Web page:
reflection

The Shaolin Cowboy gets a third title: Father. Hopefully he'll make for a better dad than he did a monk.
Writing
Art
Coloring
Lettering

Review: A Dragon’s Dad in SHAOLIN COWBOY: CRUEL TO BE KIN #1

After a five-year break, Geof Darrow’s signature creation has wandered his way into a new series. This time, the focus has turned towards a story about parenting. Where the child happens to be a Komodo Dragon. And the parent has to save said child by waterskiing through the desert tethered to a pterodactyl. Writer/Artist Geof Darrow, Colorist Dave Stewart, and Letterer Nate Piekos all work in tandem to continue the Cowboy’s never-ending journey through the surreal. It’s almost like he never left.

WRITING

The issue opens with the Shaolin Cowboy still standing in the same intersection the last miniseries ended in, clutching the wounds from his climactic battle with King Crab. But instead of being set from the Cowboy’s perspective, Darrow frames the issue around a pair of talking father and son Komodo Dragons. While the pair sit atop the roof of an old apartment, the Father immediately recognizes the Cowboy from a distance. It turns out the aged lizard had met who he calls “the Desert Wanderer” many years ago. In a flashback, we learn that shortly after hatching from an egg in the desert, the Father had been threatened with being eaten by his own father. Wandering by at an opportune time, the Cowboy stumbled on the attempted infanticide and chose to save the fresh hatchling. The Komodo Dragon immediately decided to take the Wanderer as a new father figure. But soon, the new partners are threatened by a diminutive man riding a giant jellyfish.

Looking at all the previous Shaolin Cowboy installments, Cruel to Be Kin is tonally closest to the very first miniseries, Start Trek. While all three past series had quite a bit of spectacle, the first went furthest in throwing different scenarios at the Cowboy, jumping from an all-out desert brawl, to a city perched atop the back of a giant creature, to an underground shark pit. This issue ending with a baby man on a chi-channeling jellyfish feels like a statement of intent. That after two installments focusing on threats which were relatively grounded by Shaolin Cowboy standards, the absurdity is being ratcheted back up. Darrow mused on his Facebook that this series was created during the height of the pandemic, developing into an effort to create something worth leaving behind in case the virus prematurely killed him. So the brakes are off. This is Shaolin Cowboy at its most feverishly creative.

Which isn’t to say that the issue lacks a thematic through line. Darrow’s main obsession throughout Shaolin Cowboy has been with consumption. The Cowboy himself was kicked out of his Shaolin temple for being unable to forsake earthly pleasures. The main antagonist of past issues was the product of the Cowboy losing control at an all-you-can-eat buffet. The world is choked with graffiti and garbage. So the real-world fact that Komodo Dragons often eat their young is a perfect launching point for the series.  Whether the comic will remain in flashback is yet to be seen, though the title ‘Cruel to Be Kin” makes it clear that the relationship between the Cowboy and the Dragon won’t be a purely positive one. At least they haven’t tried to eat one another.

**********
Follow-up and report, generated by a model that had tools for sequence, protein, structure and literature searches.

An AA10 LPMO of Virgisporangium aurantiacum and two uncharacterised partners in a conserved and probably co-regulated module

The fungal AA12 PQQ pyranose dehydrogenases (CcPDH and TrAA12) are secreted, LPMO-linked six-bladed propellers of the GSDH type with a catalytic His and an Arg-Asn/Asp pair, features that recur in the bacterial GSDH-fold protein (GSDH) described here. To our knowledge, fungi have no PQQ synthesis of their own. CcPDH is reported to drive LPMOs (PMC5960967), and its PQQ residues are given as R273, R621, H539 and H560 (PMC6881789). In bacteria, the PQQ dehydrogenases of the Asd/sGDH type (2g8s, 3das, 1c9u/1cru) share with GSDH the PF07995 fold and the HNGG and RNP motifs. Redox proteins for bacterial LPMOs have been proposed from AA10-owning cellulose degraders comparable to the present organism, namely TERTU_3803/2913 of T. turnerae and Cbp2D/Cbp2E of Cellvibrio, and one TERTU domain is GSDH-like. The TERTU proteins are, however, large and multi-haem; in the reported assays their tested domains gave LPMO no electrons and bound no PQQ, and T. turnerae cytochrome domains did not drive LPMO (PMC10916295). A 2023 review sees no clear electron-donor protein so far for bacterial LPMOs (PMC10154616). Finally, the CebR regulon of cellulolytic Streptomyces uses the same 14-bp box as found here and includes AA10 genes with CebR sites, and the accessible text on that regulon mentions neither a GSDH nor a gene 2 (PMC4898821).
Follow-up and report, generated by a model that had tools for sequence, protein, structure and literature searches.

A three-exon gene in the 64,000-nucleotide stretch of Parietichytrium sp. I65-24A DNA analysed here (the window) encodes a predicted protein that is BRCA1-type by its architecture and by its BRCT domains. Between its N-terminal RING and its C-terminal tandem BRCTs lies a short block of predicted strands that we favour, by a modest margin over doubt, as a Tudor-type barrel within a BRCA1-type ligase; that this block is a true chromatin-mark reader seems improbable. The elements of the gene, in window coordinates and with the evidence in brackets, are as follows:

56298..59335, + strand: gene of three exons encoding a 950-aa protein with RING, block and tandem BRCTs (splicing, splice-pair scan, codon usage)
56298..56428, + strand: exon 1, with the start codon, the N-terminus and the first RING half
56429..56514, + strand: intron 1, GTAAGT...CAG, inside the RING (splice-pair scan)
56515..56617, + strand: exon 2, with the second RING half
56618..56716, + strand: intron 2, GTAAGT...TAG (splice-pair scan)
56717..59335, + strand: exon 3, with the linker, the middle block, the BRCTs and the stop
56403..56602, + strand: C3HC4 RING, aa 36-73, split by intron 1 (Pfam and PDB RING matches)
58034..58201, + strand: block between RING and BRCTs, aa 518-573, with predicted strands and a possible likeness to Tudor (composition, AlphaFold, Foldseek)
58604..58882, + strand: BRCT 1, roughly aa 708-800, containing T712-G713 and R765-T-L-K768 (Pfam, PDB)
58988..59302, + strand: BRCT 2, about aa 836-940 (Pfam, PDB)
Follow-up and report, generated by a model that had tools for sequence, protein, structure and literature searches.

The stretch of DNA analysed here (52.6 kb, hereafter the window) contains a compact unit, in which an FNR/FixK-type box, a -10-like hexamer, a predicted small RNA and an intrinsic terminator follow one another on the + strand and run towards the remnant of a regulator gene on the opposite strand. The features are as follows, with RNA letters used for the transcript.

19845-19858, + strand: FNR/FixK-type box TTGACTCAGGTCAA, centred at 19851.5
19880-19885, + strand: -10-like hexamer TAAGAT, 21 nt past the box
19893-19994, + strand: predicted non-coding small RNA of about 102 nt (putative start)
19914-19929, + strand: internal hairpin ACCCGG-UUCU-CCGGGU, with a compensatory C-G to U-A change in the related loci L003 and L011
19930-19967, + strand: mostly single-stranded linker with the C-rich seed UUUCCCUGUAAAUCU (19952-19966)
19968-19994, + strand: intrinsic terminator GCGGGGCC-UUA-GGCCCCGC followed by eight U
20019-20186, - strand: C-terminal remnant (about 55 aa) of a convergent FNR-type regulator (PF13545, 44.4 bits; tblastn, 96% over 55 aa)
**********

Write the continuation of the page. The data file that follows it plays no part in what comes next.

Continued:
ART

Darrow’s a born maximalist, cramming everything he can into each and every page. It works hand-in-hand in a series obsessed with excess. And after a series set squarely in a crowded town, Darrow gets to return to drawing two of his favorite subjects: Majestic desert landscapes and garbage. Whenever the action kicks into gear, the swirling desert dust goes flying, along with countless cigarette butts and beer bottles. An ancient dinosaur skeleton is covered in graffiti, ranging from a McDonalds logo to the phrase “Dick 101.” But the wildlife aren’t exactly clean either. Darrow’s people and animals constantly sweat, bleed, and spit. A few frogs even smoke. Touch any surface in this comic and your hands will come back sticky or stained.

Dave Stewart’s coloring works to emphasize the hot and heavy, sun-bleached desert most of the comic takes place in. The sky is sickly yellow and the landscape varying shades of orange, pink, and brown. The only real cool blues come from the Cowboy’s ineffective sun-blocking umbrella, and the intentionally out-of-place giant flying jellyfish. The desert is rendered as a beautiful place (aside from all the garbage), but deeply inhospitable.

Nate Piekos is given an unenviable job lettering all the captions and dialogue. Because much like everything else in Shaolin Cowboy, there’s a lot of it. The Komodo Dragons constantly provide commentary on events throughout the story, sometimes losing focus and going on tangents. But much of the dialogue is given rhythm through liberal use of italics and boldface, especially for the baby man near the end of the issue. Speechless skeletons communicate only through lowercase “clik clak.” It all helps give the dialogue personality, which is important for such larger-than-life characters.

VERDICT

Shaolin Cowboy: Cruel to Be Kin #1 continues to maintain Darrow’s off-kilter sense of humor and spectacle. It’s a comic that feels like something that only Geof Darrow could make, which is one of the highest compliments a comic can get. It’s out today from Dark Horse, so make sure to pick one up.

Hank Essman
Hank Essman
Hailing from the middle of Missouri, Hank has co-hosted a local radio show on comics, written a thesis on graphic literature, penned a few articles on comic books, attended several comic conventions, and played a little tennis.

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Review: A Dragon's Dad in SHAOLIN COWBOY: CRUEL TO BE KIN #1The Shaolin Cowboy gets a third title: Father. Hopefully he'll make for a better dad than he did a monk.